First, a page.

Wednesday, November 19, 2014

Let's Look At Secret Wars II Crossovers!


The New Defenders #152 is a very bad comic. It's a terrible comic. But it's terrible for a few specific reasons, none of which probably had anything to do with writer Peter B. Gillis' actual intent. Well, OK, some of it probably did.

The Defenders had always been one of Marvel's odder books, a team book put together with a group of characters who really had no business being on a team together, seemingly for no other reason than that they didn't fit on the Avengers but a team book with these specific characters nonetheless sold pretty well in the 70s. The Defenders were a team of outcasts, oddballs, and loners, but a number of creative teams - most notably writer Steve Gerber in the series' early issues - were able to make something surprisingly interesting out of the idea that these guys really didn't want to be on a team together but, nevertheless, kept running into problems that necessitated being forced to work together for long periods of time. And in addition to the team's four titans - the Hulk, Doctor Strange, the Sub-Mariner and, sometimes, the Silver Surfer - there were lots of secondary players who supported these guys throughout the book's run.

The best explanation of this dynamic in more contemporary terms was Kurt Busiek and Eric Larsen's Defenders run from the early 2000s. That series had the Big Four being thrown together unwillingly by an evil curse, which strained their already occasionally tense friendships to the breaking point. (Left to their own devices the four main Defenders are all on friendly terms, but they're each monumentally willful and resent forced to cooperate under any circumstances.) But always underfoot are the secondary members, folks such as Nighthawk, Valkyrie, and Hellcat who really liked being Defenders but knew full well there was no group if the big guys couldn't get along.

By the time the original run of The Defenders had devolved into The New Defenders, the concept had been stretched far beyond its originally precarious shape. Gone were all the Big Four, replaced by longtime hangers-on Valkyrie and the Gargoyle, and joined by the likes of Andromeda, Moondragon, Manslaughter, and Cloud. Oh yeah, and three of the original X-Men, none of whom had played a substantial role in Chris Claremont's Uncanny X-Men in a long time: Angel, Iceman, and the Beast. This is important. These guys hadn't been active X-Men in a long time, and they had all spent time bumming around the fringes of the Marvel Universe - Beast, notably, as a long-serving Avenger, and Iceman and Angel, less notably, as members of the short-lived Champions.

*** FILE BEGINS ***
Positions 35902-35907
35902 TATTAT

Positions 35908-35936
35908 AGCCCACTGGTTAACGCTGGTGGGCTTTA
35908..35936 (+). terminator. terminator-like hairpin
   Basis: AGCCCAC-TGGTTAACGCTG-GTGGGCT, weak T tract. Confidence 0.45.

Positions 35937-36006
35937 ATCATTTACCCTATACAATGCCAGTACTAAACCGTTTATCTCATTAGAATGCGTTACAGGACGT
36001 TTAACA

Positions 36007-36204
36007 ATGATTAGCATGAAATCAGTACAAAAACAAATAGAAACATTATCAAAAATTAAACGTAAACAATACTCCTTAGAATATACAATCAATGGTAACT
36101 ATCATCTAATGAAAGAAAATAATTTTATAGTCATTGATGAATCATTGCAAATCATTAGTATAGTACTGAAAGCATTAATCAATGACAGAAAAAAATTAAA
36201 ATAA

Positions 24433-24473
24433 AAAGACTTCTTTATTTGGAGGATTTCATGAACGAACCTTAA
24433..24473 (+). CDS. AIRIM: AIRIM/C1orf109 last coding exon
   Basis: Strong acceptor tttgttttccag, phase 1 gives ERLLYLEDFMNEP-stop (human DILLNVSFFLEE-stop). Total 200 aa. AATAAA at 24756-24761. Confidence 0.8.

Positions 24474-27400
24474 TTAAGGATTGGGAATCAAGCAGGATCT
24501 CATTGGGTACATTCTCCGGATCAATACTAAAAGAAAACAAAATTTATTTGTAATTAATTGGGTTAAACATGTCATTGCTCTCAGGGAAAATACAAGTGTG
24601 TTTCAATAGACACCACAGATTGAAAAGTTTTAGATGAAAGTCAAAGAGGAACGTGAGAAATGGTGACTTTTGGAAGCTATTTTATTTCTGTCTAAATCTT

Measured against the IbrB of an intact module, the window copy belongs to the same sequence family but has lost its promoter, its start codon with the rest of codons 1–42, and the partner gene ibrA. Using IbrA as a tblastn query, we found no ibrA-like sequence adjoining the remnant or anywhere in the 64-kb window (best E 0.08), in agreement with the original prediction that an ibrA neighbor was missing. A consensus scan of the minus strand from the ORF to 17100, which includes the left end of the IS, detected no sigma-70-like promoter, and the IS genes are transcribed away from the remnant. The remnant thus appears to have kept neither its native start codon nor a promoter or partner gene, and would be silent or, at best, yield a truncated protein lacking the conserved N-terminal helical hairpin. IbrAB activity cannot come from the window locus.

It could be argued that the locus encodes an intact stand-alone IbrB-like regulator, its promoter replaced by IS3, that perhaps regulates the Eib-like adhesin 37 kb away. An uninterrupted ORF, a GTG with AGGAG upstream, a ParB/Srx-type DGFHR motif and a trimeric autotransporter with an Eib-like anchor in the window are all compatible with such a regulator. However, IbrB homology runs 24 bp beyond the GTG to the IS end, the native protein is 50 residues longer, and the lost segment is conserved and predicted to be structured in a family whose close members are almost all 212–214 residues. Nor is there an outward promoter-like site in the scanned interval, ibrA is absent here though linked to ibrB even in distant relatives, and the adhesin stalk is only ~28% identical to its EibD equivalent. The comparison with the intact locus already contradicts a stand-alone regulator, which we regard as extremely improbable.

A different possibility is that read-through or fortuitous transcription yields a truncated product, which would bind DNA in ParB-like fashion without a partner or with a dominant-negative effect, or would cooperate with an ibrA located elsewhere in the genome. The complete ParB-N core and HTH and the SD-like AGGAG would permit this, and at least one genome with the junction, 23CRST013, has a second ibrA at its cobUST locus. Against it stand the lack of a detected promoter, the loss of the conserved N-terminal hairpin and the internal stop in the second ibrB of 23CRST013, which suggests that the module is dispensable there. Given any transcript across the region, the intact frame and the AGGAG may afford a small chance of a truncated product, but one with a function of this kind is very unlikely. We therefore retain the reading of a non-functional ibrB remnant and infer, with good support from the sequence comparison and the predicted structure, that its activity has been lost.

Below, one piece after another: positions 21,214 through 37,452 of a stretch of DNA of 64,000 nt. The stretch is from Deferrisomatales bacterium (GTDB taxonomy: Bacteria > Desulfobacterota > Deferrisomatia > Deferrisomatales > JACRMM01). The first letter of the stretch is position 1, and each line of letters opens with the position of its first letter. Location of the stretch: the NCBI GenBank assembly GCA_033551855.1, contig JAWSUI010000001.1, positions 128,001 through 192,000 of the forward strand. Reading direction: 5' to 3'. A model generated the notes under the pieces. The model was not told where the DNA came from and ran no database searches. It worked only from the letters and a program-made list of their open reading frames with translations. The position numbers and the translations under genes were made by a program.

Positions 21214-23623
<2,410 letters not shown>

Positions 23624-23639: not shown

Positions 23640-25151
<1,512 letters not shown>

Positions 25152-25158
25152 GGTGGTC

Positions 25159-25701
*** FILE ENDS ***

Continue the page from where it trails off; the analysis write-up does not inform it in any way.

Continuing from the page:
The problem for The New Defenders was that, after years of Claremont's fighting against any arbitrary expansion of the X-Men franchise, 1986 marked the debut of the second ongoing X-Men spin-off, X-Factor, which was premised on the original five X-Men being reunited again after many years apart. And, oh yeah, Jean Grey was being brought back from the dead to star in this new book, an event which occurred without Chris Claremont's help. Jean Grey was resurrected in the pages of The Avengers and John Byrne's Fantastic Four, not Claremont's Uncanny (and if you think this is the last time the real-world enmity between Claremont, Byrne, and Jim Shooter is going to manifest in the pages of a Secret Wars II crossover, you are wrong). X-Factor was originally written by Shooter's pal (but not for long!) Bob Layton, and it would be years before Jean Grey's return was even acknowledged in the pages of Claremont's Uncanny.

So the edict was clear: the three X-Men had to be written out of The New Defenders, and without these characters a title like New Defenders was not long for this world. To add insult to injury, the word came down that the last issue - the last issue! - was going to be a Secret Wars II tie-in. Well, what better way to end a misfit series like The Defenders than killing everybody . . . well, everyone but the characters people actually cared about enough to want to see in a different comic.

The New Defenders #152 begins with the team fighting on-again-off-again hero-slash-villain Moondragon, who is pissed because - I don't know. Honestly, Moondragon was never a very well motivated character, and many of her early appearances fall under the rubric of, "powerful woman with a bitchy attitude, because, women, amiright?" (A lot of those stories were written by Jim Shooter, incidentally, who really doesn't have a good track record writing women.) But for whatever reason she wants to kill the Defenders - or, well, the New Defenders, because she's not stupid enough to try to kill the Hulk. So the issue begins with a handy-dandy recap of why exactly Moondragon wants to kill anyone, something she'd probably already want to do even if she wasn't possessed by the evil Dragon of the Moon.

Well, long story short, the Defenders defeat Moondragon, and that's that. Except, oh wait, there are still like thirty pages left. So of course that isn't the whole story. At the urging of the really quite nasty Dragon of the Moon, Moondragon summons the Beyonder to grant her a favor. He was in the middle of his whole cosmic messiah schtick at the time - he went back and forth between wanting to destroy the universe and wanting to save it, and he was big into helping other people attain self-actualization, so the most powerful being in the universe was easily tricked by Moondragon into thinking she had nothing but the best of intentions.

So there's this guy, who helps take Moondragon down:

And this guy, who helped train the other guy:

That last guy is The Interloper, one of my all-time favorite random OHotMU losers because he is completely useless. He walks around saying stuff like this all the time:

So, anyway, Moondragon comes back after getting The Beyonder's pep talk and power-up, and she is still intent on killing everyone. Thankfully, the Interloper is on hand:

I mean, seriously, look at this guy:

And there's also this rather uncomfortable sequence:

Finally, though, the ever-helpful Interloper reveals that he's got a plan to stop the Beyonder-powered Moondragon, and it's a really good plan because it involves everyone who isn't a mutant killing themselves. They have to save the lives of some supporting cast members Moondragon was torturing, because she's such a swell person.

This is, incidentally, also how the original Onslaught event ended, with a bunch of heroes randomly sacrificing themselves to stop the villain in some vaguely magical way, while another group of heroes standing right over there were for some reason prevented from sacrificing themselves because, oh well!